Cells are the building blocks of all living things. The term ‘cell’ was first coined by Robert Hooke in the 16th century when he was studying different objects using the newly-invented microscopes. In modern times, with more powerful microscopes, scientists have been able to look at the different parts that make up the cells of living things. Both plant and animal cells play crucial roles in their respective organisms. The following activities are designed to help students understand the difference between and functions of both plant and animal cells.
All living things are made of cells. Some living organisms are made of only one cell, such as salmonella, and these are known as unicellular organisms. Other more complex organisms are made of many different types of cells; these organisms are known as multicellular. Grass, snakes, and humans are all examples of multicellular organisms. Cells are made of many different components called organelles. Animal and plant cells have many organelles in common, but some organelles also have features that are different in plant cells.
Organelles in Both Animal and Plant Cells
The nucleus is the part of the cell that contains the genetic information. The genetic information is stored in a chemical known as DNA (Deoxyribonucleic Acid). DNA has a double helix shape similar to a spiraling ladder. Cells that have a nucleus are known as eukaryotic cells.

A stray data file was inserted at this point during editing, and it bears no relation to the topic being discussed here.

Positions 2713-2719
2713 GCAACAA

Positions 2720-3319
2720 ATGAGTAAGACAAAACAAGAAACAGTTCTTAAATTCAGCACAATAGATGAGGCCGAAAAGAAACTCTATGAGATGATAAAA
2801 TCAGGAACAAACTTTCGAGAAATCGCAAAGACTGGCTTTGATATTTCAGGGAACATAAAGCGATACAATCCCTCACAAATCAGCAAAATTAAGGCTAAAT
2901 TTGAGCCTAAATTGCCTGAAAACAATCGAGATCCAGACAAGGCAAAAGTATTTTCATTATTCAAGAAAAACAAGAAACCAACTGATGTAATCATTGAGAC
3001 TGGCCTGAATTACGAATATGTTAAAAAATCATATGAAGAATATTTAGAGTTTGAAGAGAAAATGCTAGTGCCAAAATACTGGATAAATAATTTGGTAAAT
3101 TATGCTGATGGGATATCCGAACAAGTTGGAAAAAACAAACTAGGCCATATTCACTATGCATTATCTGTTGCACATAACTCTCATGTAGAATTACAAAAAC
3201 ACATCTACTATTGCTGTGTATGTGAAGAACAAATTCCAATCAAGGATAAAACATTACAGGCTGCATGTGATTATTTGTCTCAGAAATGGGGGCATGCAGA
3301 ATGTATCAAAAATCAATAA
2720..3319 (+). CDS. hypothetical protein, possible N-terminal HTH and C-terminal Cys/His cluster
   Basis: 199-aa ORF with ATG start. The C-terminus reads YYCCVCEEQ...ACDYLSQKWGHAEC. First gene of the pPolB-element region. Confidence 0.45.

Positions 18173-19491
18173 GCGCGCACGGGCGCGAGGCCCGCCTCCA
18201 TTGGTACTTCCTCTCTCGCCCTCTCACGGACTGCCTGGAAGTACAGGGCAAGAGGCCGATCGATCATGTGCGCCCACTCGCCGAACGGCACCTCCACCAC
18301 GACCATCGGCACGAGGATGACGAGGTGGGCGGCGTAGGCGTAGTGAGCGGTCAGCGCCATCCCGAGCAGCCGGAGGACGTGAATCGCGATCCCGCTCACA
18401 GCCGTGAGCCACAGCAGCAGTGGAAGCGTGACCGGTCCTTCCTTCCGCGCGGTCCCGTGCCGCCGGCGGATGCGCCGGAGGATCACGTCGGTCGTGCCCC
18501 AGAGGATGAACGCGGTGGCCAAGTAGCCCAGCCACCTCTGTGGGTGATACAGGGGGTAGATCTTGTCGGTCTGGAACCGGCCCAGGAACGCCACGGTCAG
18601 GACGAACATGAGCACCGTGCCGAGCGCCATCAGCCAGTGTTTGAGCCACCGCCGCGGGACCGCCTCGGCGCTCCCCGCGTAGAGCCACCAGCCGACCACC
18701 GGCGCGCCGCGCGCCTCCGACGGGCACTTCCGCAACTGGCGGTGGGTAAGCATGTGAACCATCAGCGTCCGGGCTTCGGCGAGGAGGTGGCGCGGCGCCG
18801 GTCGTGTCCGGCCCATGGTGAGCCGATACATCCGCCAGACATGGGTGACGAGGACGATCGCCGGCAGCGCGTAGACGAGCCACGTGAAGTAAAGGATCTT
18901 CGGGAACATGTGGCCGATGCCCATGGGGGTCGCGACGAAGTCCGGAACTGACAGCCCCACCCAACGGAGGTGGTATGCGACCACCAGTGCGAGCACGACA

The cytoplasm is where most chemical reactions take place. It is made mostly of cytosol, a watery substance, and is the part of the cell that is surrounded by the membrane that isn’t the nucleus.
The cell membrane (also known as the plasma membrane) is a semi-permeable skin that controls what enters and exits the cell. It is composed of a thin layer of lipids.
Mitochondria are often called the powerhouse of the cell. They are where most respiration reactions occur. Respiration is a chemical reaction that is used by living things to release energy from glucose. Aerobic respiration is respiration that uses oxygen. Anaerobic respiration occurs without oxygen.
Ribosomes are organelles in the cell where protein synthesis occurs. Ribosomes link together amino acids to create protein molecules as specified by a chemical known as "messenger RNA".
Organelles Found Only in Plant Cells
The cell wall composes the exterior of the plant cell. It is made of cellulose and strengthens the cell.
Chloroplasts are where photosynthesis takes place. They contain chlorophyll, which is what gives plants their green color. Plants are autotrophic, meaning they make their own food. In order to do this, plants absorb sunlight and use it to react carbon dioxide with water to produce glucose and oxygen.
(6CO2 + 6H2O → C6H12O6 + 6O2)
The vacuole is the part of the cell where cell sap is stored. This creates an outward hydro-static pressure that keeps the cell rigid. A vacuole is present in all plant and fungus cells, and they can also be found in some animal cells.
Note that there are more organelles normally found in both plant and animal cells. These have been omitted to simplify teaching. If you want to push your more advanced students, include additional or more complicated organelles.
Also see our Specialized Cells lesson plan for a look at different cell types.
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